Presented by Hub Theatre Company of Boston
by Adam Long, Daniel Singer and Jess Winfield
Directed by Lauren Elias
July 18 – August 2, 2014
209 Columbus Ave
Review by Gillian Daniels
(Boston) The working hypothesis for The Complete Works of William Shakespeare (Abridged) appears to be this: when at his most serious, the Bard is the most unintentionally hilarious. It’s darkly comic, in a way, that a pair of lovers would die passionately together despite knowing each other for a few days. And there’s something ridiculous about a prince putting off the assassination of the uncle who stole his crown because he doesn’t believe the ghost of his father. In Hub Theatre Company’s take on the parody, Patrick Curran, Adam Lauver (alternating with Will Moore), and Brooks Reeves seek to both compress and skewer Shakespeare’s body of work.
Director Lauren Elias’ production of the show is dotted with contemporary references (ex. Game of Thrones, Little Honey Boo-Boo), underlining the space between our era and the Elizabethan one where the plays originated. The stark contrast allows Lauver and Curran to play fast and loose with the material. Titus Andronicus, well known as the bloodiest and most cannibalistic of the Tragedies, is depicted as a cooking show. The Histories (ex. Henry IV, Richard III) become a football game where kings pass, steal, and run away with the crown. For much of this, Reeves plays the priggish straight man, dictating the ways in which his cohorts can and can’t interpret the texts before them.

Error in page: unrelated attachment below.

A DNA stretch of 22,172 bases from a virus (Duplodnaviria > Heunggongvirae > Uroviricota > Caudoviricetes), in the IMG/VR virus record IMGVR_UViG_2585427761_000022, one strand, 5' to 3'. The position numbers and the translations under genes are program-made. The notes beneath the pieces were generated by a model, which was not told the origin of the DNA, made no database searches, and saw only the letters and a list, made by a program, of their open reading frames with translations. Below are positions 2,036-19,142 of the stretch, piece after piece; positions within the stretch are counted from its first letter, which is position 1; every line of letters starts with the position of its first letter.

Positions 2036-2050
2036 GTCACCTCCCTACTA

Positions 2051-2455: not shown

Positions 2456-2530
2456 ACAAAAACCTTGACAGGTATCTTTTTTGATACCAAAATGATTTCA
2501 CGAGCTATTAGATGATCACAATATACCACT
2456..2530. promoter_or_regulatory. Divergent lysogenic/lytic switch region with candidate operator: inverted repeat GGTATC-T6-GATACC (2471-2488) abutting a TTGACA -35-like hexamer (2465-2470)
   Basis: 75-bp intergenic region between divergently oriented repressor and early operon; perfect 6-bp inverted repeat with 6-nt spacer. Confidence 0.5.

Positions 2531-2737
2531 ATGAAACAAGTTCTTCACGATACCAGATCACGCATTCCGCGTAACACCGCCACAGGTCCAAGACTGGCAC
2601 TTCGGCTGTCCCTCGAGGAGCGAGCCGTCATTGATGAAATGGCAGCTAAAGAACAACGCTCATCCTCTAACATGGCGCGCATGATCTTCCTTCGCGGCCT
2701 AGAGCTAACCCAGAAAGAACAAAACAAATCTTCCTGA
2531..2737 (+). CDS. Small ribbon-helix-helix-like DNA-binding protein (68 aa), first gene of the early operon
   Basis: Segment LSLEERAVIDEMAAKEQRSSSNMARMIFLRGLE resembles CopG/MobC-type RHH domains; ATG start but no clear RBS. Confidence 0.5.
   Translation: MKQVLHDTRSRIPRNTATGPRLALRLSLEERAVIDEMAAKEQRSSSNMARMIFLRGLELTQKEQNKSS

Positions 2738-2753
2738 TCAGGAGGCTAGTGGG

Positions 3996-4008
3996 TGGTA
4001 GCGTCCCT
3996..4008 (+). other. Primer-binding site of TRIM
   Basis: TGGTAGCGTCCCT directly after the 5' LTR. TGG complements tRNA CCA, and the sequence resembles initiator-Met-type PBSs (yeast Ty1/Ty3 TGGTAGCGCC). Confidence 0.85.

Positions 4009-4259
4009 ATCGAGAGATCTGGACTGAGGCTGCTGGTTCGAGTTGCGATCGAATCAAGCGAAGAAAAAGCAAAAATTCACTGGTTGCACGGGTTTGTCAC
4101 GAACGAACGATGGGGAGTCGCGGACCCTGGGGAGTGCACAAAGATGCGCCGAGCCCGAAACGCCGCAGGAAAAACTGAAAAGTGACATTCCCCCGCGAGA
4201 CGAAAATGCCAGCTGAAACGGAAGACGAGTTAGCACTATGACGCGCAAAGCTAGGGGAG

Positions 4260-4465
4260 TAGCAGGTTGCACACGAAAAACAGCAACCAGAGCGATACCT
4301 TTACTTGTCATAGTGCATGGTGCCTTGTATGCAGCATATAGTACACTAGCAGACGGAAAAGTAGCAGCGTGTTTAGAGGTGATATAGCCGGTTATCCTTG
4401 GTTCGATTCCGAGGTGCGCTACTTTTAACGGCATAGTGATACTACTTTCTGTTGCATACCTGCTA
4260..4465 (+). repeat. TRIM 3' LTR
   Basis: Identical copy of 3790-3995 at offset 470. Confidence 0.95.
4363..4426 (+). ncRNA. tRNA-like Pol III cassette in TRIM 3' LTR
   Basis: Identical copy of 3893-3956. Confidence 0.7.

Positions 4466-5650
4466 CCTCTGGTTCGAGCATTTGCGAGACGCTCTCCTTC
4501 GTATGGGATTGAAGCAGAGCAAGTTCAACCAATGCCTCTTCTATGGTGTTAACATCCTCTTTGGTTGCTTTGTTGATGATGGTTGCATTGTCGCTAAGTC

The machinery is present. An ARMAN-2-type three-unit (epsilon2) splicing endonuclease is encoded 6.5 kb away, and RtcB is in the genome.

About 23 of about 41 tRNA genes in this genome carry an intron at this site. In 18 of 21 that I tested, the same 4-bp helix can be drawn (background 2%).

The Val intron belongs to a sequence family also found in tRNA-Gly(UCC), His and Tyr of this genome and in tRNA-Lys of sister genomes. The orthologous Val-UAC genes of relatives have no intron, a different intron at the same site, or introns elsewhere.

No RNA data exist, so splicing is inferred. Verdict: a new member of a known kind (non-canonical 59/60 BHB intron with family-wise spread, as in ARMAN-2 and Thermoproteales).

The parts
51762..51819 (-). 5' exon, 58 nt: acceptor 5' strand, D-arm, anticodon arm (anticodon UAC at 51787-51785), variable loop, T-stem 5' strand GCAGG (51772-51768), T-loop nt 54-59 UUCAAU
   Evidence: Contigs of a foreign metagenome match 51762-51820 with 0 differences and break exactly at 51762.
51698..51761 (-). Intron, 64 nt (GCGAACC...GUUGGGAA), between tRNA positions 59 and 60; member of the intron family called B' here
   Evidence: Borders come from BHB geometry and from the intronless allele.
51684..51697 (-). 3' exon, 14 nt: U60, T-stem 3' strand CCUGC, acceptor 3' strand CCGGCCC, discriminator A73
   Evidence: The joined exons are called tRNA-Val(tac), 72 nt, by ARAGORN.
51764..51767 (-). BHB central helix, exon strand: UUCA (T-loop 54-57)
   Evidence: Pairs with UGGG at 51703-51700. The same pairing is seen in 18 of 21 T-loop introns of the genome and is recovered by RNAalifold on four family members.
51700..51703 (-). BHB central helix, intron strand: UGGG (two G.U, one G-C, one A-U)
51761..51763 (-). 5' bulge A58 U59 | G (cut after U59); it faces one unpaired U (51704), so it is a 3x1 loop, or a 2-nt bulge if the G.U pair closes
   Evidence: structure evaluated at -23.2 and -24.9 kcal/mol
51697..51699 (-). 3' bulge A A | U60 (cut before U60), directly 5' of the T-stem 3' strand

It’s a good-natured riff on Shakespeare, a comedy that asks what footing plays that are hundreds of years old can find for today’s audiences. It’s firmly a surface exploration, however, until the second half when all three actors devote their energy to staging, exploring, and lampooning Hamlet. Though firm in their mockery, they don’t hesitate to try and illuminate the text.
The Complete Works of William Shakespeare (Abridged) is a cute show. It ruminates on the absurdity of fiction exaggerated for the stage without crossing into the philosophical meanderings of Tom Stoppard’s Rosencrantz and Guildenstern Are Dead. Still, if lack of depth is its only flaw, it certainly achieves its goal to entertain. It pushes for the value of silliness even against the grim background of tragedy.